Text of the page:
No one would argue that Marvin Witt has paid his dues to the world of agriculture. Witt grew up on a farm in North Dakota, headed 4-H efforts in high school, studied agriculture education in college, and has played virtually every role imaginable at the National Western Stock Show since coming to Denver more than two decades ago.
Initially recruited to get the show’s equine program on budget, Witt wasted no time in developing some of the fair’s most popular attractions: the Wild West Show, dancing horses, and the Draft Horse Show. After a few years, he began overseeing the trade show displays. In 2003, Witt assumed the position of executive vice president. This year’s Western Stock Show will be the first year in a decade without Witt in the VP spot, and the first in 20 without him at all. 5280 sat down with Witt to talk about present-day agriculture, the future of the Stock Show, and sweet retirement.
5280: Why did you decide to retire now?
I kind of lost track of time. I went back to a high school reunion a few years ago and my classmates referred to me as Mr. Agriculture. It consumed my whole life, agriculture. I have some really good friends that have retired this year, and we were sitting there talking about how after so many years of this, you need new vision and new looks. I think some people hang on just to have a desk, but you need to be creative and have new ideas.
You can only ride the same horse for so long. I had a cowboy friend who once said to me, we always have a horse we favored, but somewhere along the line, no matter how good that horse was, you have to say goodbye and move on.
5280: You’ve worked in agriculture and livestock your whole life. What are some of the difficulties of working in those industries?
The challenge in the livestock industry is that we’ve always been striving to produce the best products, the most efficiently and cost effectively. Agriculture feeds the world. It’s a big task. And it takes all hands on deck to make it happen. Every year we have fewer ranchers and fewer farmers, and because of that, each farmer and rancher has to feed more mouths. So it’s a big challenge feeding this country. Less than two percent of this population is involved in growing this food. You look back in history, there were times when 30 percent, 50 percent of the population was involved, and each year that percentage just keeps going down and down yet the population keeps exploding.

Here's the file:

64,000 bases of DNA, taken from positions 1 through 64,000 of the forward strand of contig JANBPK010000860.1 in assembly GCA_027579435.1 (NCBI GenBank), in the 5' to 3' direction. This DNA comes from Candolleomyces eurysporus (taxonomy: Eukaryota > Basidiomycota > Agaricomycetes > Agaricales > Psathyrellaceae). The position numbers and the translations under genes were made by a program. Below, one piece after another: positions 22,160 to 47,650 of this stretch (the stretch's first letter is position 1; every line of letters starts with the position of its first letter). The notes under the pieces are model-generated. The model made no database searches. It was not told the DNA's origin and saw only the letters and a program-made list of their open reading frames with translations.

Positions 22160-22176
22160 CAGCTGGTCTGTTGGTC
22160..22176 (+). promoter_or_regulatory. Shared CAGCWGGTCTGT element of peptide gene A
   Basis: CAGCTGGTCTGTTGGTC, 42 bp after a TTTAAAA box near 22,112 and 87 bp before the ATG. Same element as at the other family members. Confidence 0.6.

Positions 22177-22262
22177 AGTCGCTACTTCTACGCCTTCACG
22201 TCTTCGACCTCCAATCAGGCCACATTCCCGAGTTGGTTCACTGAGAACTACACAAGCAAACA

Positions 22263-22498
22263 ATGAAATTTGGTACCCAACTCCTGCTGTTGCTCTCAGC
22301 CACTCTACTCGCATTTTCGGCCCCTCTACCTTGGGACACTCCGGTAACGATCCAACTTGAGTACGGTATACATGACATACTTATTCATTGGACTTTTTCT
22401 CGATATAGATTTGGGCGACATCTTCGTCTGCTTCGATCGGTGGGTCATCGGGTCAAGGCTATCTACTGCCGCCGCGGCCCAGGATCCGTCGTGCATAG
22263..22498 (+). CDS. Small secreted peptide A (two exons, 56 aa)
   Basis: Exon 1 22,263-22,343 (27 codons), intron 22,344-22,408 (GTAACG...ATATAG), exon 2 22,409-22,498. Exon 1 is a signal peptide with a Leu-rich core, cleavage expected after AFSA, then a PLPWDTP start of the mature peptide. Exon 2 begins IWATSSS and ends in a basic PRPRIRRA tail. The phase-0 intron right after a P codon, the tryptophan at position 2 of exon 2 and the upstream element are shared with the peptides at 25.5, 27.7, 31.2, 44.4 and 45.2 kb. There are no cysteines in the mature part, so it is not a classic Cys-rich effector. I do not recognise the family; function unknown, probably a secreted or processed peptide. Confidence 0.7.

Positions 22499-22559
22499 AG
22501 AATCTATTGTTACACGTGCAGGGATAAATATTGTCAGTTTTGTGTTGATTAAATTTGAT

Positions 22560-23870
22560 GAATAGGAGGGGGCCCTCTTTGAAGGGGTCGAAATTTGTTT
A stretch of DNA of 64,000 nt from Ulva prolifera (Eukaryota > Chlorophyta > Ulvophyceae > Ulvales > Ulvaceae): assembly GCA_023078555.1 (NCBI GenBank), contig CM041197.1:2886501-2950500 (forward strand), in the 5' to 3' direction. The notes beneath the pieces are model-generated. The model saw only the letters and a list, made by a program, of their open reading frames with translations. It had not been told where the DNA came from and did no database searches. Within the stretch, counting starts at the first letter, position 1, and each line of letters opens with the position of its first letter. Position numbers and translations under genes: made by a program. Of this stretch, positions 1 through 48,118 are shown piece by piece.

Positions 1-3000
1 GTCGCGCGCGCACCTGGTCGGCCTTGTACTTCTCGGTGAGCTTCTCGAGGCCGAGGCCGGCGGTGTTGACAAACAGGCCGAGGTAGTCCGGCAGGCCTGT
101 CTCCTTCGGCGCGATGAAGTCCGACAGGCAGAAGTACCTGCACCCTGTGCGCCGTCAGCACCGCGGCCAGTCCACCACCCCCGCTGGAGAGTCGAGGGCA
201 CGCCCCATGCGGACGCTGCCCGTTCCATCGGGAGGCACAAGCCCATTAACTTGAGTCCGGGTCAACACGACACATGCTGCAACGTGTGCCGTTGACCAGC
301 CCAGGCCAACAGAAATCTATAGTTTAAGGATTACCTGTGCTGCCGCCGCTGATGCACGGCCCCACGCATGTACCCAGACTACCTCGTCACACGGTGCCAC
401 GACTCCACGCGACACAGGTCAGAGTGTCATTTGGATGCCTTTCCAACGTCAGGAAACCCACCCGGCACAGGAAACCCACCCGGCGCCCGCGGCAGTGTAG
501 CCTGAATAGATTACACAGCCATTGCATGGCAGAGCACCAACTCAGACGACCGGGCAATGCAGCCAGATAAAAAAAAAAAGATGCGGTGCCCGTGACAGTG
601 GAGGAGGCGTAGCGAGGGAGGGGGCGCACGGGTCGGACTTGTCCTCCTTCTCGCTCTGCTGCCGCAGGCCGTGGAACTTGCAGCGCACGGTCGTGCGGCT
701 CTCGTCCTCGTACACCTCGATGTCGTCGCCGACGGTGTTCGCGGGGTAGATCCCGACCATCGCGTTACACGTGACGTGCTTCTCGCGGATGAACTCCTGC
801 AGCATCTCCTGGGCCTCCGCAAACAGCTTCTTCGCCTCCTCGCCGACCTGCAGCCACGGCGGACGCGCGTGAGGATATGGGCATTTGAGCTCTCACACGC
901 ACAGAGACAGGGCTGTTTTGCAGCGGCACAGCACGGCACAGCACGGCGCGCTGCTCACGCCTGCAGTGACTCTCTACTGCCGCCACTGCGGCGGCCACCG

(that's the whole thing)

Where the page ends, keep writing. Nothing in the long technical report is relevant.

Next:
5280: How do we solve that problem?
The big concern has been that the average age of a farmer or rancher is about 55 years of age, and that’s scary. For a lot of years a lot of these young people didn’t want to come back to the farm. But now we’re seeing a lot of these people wanting to come back. Agriculture has got a new charisma to it, and new feel to it. It’s looked at as an important part of the economy. Technology has finally reached the agriculture world. Everything is computerized. They farm now with GPS—the equipment’s hooked into satellites so when they harvest they can tell what parts of the field are not productive, what parts needs fertilizer, how much yield they have. They’ve even got tractors now that you don’t even have to drive them, you just program them and they’ll farm everything. It’s not the backbreaking job that it was during the ’50s and ’60s. Today, it’s exciting. Times have changed.
5280: Are you concerned about the future of the stock show and staying relevant?
You have to be. I always tell people don’t get complacent. Our founding fathers were the Chicago International, the premiere show for years and years. It no longer exists. I had the good opportunity in the late ’60s to attend the show and, as an exhibitor and participant, saw it slipping. The people that were running it didn’t see it happening, and finally in 1973 they announced they were shutting the doors forever. But if you’d have asked those people the year before, they would’ve said, "We’ll be here forever." They just lost touch with where things were going. And over the years we’ve seen other shows that have lost the statue they had. They’ve lost a lot of their pizzazz.
Also, you have to offer other things for people. When I first came to the Stock Show, we did 23 ticketed performances, rodeos and that sort of thing. Last year that number was 42. Not everybody is going want to take their children to the Stock Show or like rodeo. But small children love to see the Wild West Show...and then there’s the Draft Horse Show for the old time farmers. You have to make a lot of changes, and that’s what the Stock Show has been trying to do over the years.
5280: Are you going to keep one leg in the world of agriculture?
Oh yes, oh yes. I look forward to it and that’s why I’m so fortunate. I get to live outside of the city of Denver. I live out in the country. Every morning I get up, I feed a few cows, feed my horses. Got a few acres, just to keep my fingers in it. Half dozen cows, about that many horses, just a few lambs in summertime, and so on. My wife and I still help with the 4-H clubs and participate in some of the county fairs.
5280: Are you nervous about being bored without work?
A lot of people say, “Are you sure you want to not work anymore?” Well, I grew up on a farm, and my first job that I remember on the farm was 1961. I was 11 years old. ...I’ve paid my dues. It was a heck of an experience, a heck of a lot of fun, but it’s all we’ve ever done is just work, work, work. Now it’s time to have some fun.
—Image courtey of Pearl's Pics